“Now when the apostles in Jerusalem heard that Samaria had accepted the word of God, they sent them Peter and John, who went down and prayed for them, that they might receive the holy Spirit, for it had not yet fallen upon any of them; they had only been baptized in the name of the Lord Jesus. Then they laid hands on them and they received the holy Spirit” (Acts 8:14-17, NAB).
Like all the Sacraments, Confirmation is a moment of encounter with Jesus Christ. By receiving this Sacrament, we are joined more closely to Christ and are more fully conformed to Him.
The particular gift of Confirmation is the Gift of the Holy Spirit. It is not that we are without the Holy Spirit prior to Confirmation. In the Sacrament of Baptism, we become “temples of the Holy Spirit.” But in Confirmation, the Holy Spirit is given with a new fullness, especially to equip the Christian to carry on the work of Christ in the world.
The model for Confirmation is Pentecost. Jesus chose Twelve Apostles and commissioned them to carry on His work after His death and resurrection. Nonetheless, even after the Apostles had been thoroughly convinced that Jesus had risen from the dead, they remained ill equipped to carry on His work.
The Apostles had two great problems: (1) they did not know how to fulfill the mandate to “make disciples of all the nations” and (2) even if they had known what to do, they were afraid to do it – in fear for their own lives, they locked themselves in the upper room.
The situation was transformed by the coming of the Holy Spirit at Pentecost. The Spirit was heard as a rushing wind and seen as tongues of fire. Once He had come upon the Apostles, they opened the doors, went out into Jerusalem and preached Jesus Christ with words that were miraculously understood by Jews from all over the world in their own languages.
From the beginning of the Church, the Apostles shared the gift of the Holy Spirit with those who had been baptized by the laying on of hands. This is the essence of the Sacrament of Confirmation to this day. And the Sacrament of Confirmation is given to equip Christians to share in the work of Christ and the Church to make disciples of all the nations.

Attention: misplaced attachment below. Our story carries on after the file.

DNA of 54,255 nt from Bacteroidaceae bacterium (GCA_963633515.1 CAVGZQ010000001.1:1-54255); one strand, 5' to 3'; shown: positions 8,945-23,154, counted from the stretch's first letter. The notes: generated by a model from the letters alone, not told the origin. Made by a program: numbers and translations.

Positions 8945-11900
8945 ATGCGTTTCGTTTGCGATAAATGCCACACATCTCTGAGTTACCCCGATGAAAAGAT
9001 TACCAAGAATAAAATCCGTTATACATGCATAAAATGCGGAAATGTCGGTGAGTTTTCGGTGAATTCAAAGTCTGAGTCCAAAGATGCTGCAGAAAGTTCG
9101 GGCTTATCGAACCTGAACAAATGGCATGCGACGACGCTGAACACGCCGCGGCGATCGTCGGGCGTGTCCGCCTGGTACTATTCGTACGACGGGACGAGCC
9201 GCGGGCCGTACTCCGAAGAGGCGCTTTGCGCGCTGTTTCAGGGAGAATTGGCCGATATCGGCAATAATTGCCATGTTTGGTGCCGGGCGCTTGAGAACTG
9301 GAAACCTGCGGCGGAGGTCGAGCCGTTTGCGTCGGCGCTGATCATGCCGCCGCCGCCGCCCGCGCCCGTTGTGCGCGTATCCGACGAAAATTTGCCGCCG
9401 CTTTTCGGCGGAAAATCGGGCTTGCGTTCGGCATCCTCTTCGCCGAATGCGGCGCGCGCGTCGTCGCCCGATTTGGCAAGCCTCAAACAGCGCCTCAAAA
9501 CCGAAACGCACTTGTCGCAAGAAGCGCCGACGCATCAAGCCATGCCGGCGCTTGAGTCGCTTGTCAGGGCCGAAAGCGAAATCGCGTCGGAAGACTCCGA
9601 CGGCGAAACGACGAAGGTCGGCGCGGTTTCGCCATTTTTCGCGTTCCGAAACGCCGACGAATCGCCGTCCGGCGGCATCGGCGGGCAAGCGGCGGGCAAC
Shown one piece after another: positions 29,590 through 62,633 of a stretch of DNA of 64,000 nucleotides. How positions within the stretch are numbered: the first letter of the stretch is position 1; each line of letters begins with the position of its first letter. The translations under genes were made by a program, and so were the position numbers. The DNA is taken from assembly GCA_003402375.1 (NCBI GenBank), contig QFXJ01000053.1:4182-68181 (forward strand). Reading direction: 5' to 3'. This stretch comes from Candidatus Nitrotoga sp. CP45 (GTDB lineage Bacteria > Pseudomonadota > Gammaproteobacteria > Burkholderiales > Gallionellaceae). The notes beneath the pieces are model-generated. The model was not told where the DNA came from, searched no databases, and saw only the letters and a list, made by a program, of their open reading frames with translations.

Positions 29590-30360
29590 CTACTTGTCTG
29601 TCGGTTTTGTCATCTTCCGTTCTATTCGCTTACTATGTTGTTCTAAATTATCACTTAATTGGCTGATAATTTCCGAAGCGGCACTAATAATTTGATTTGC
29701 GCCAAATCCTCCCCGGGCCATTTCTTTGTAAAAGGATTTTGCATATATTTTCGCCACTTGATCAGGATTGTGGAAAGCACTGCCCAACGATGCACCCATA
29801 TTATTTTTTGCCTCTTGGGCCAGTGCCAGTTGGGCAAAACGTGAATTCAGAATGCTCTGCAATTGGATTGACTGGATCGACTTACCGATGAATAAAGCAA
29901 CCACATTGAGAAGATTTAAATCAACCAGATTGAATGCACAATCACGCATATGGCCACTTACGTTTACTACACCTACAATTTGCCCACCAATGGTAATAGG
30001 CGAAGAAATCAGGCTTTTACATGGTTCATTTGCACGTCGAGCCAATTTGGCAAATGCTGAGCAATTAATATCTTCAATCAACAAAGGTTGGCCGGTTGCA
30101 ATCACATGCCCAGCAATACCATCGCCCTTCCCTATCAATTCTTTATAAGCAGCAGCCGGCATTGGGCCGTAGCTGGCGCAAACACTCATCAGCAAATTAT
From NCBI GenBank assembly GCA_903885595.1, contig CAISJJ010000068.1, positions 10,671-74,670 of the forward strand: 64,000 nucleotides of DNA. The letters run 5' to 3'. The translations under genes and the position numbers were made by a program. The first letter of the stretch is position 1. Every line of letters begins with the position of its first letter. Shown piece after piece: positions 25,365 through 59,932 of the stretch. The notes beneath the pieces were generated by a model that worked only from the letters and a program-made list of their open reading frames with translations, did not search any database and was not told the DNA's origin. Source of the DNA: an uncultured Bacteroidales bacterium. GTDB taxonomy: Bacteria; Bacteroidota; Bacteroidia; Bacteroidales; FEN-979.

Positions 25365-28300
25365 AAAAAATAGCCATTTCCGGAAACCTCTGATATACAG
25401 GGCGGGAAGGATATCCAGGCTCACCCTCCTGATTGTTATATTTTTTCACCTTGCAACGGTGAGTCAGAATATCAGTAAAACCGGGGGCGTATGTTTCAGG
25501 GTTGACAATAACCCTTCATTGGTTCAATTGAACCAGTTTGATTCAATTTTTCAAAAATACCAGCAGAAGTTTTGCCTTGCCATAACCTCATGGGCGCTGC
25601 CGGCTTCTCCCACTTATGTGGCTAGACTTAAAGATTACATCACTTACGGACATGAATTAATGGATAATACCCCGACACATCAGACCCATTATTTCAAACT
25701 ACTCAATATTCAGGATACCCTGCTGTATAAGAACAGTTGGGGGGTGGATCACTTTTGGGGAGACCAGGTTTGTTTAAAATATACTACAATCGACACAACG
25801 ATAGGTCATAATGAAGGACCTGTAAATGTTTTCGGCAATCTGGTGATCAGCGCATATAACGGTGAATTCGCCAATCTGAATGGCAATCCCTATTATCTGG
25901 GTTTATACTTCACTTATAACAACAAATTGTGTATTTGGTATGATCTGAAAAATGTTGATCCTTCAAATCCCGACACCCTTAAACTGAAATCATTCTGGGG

Parishioners who are now adults and who have not been confirmed are invited to receive the necessary instruction for Confirmation by taking part in the Main Event and joining (as appropriate) in the other aspects of the Rite of Christian Initiation for Adults. Adults who prepare in this way are Confirmed at the Easter Vigil (on Holy Saturday night) when other RCIA participants are received into the Catholic Church and also Confirmed.
Every other year we provide a programme of preparation for the teenagers of our parish who are old enough to receive the Sacrament of Confirmation. The programme usually begins in the autumn and involves regular sessions for the teenagers and an information evening for their parents. It culminates with the teenagers being confirmed at a Mass celebrated in the Cathedral by the Bishop.
Forms / Useful Information
- The Catechism of the Catholic Church – Sacrament of the Confirmation (On this website)
- The Catechism of the Catholic Church Online – Index
- The Catechism of the Catholic Church – Sacrament of the Confirmation (On Vatican Site)
- Word on Fire topic – Confirmation
- Another god resource is here: Evangalise Richmond Parish
Frequently Asked Questions
Just as you had sponsors (Godparents) at your baptism, you are required to choose a person to sponsor your Confirmation. Your sponsor is the witness who stands with you at your actual Confirmation. But even more importantly, a sponsor is a person who shares their faith with you because he/she is a person of faith. A good sponsor makes you feel comfortable sharing your faith with him/her. Their advice and guidance help you grow in your faith.
Your parents have given you your faith since you were born. They have been, are, and will always be your sponsor in faith. Confirmation gives you the opportunity to have another person who’s special to you sponsor your faith.
The Bishop is the ordinary minister of Confirmation.
Holy Chrism is a mixture of olive oil and balm blessed by the Bishop on Holy Thursday or any day during Holy Week.
Confirmation is a sacrament in which the Holy Spirit comes to us in a special way to make us strong and perfect Christians and witnesses of Jesus Christ.
There are seven gifts of the Holy Spirit:
• Piety (Reverence)
• Fear of the Lord (Wonder and Awe) CCC 1831-1845
The Bishop extends his hands over those to be confirmed, prays that the Holy Spiritmay descend upon them, and anoints the forehead of each with Holy Chrism.
No, Church law states that not being confirmed cannot prevent a Catholic from being married in the Church. Not being confirmed will not keep you out of heaven, either.
The primary minister of the Sacrament of Confirmation is the bishop. He may, if necessary, delegate the ministry to one of his vicars. The bishop has granted all pastors the faculty to confirm those Catholic adults who seek to complete their full initiation. In the celebration of the Rite of Christian Initiation of Adults, the pastor who baptizes catechumens must also confirm and give Eucharist to them at the same celebration. He must also do the same for Christians who are being received into the full communion of the Catholic Church. This applies to all adults and children of catechetical age (seven years and above).
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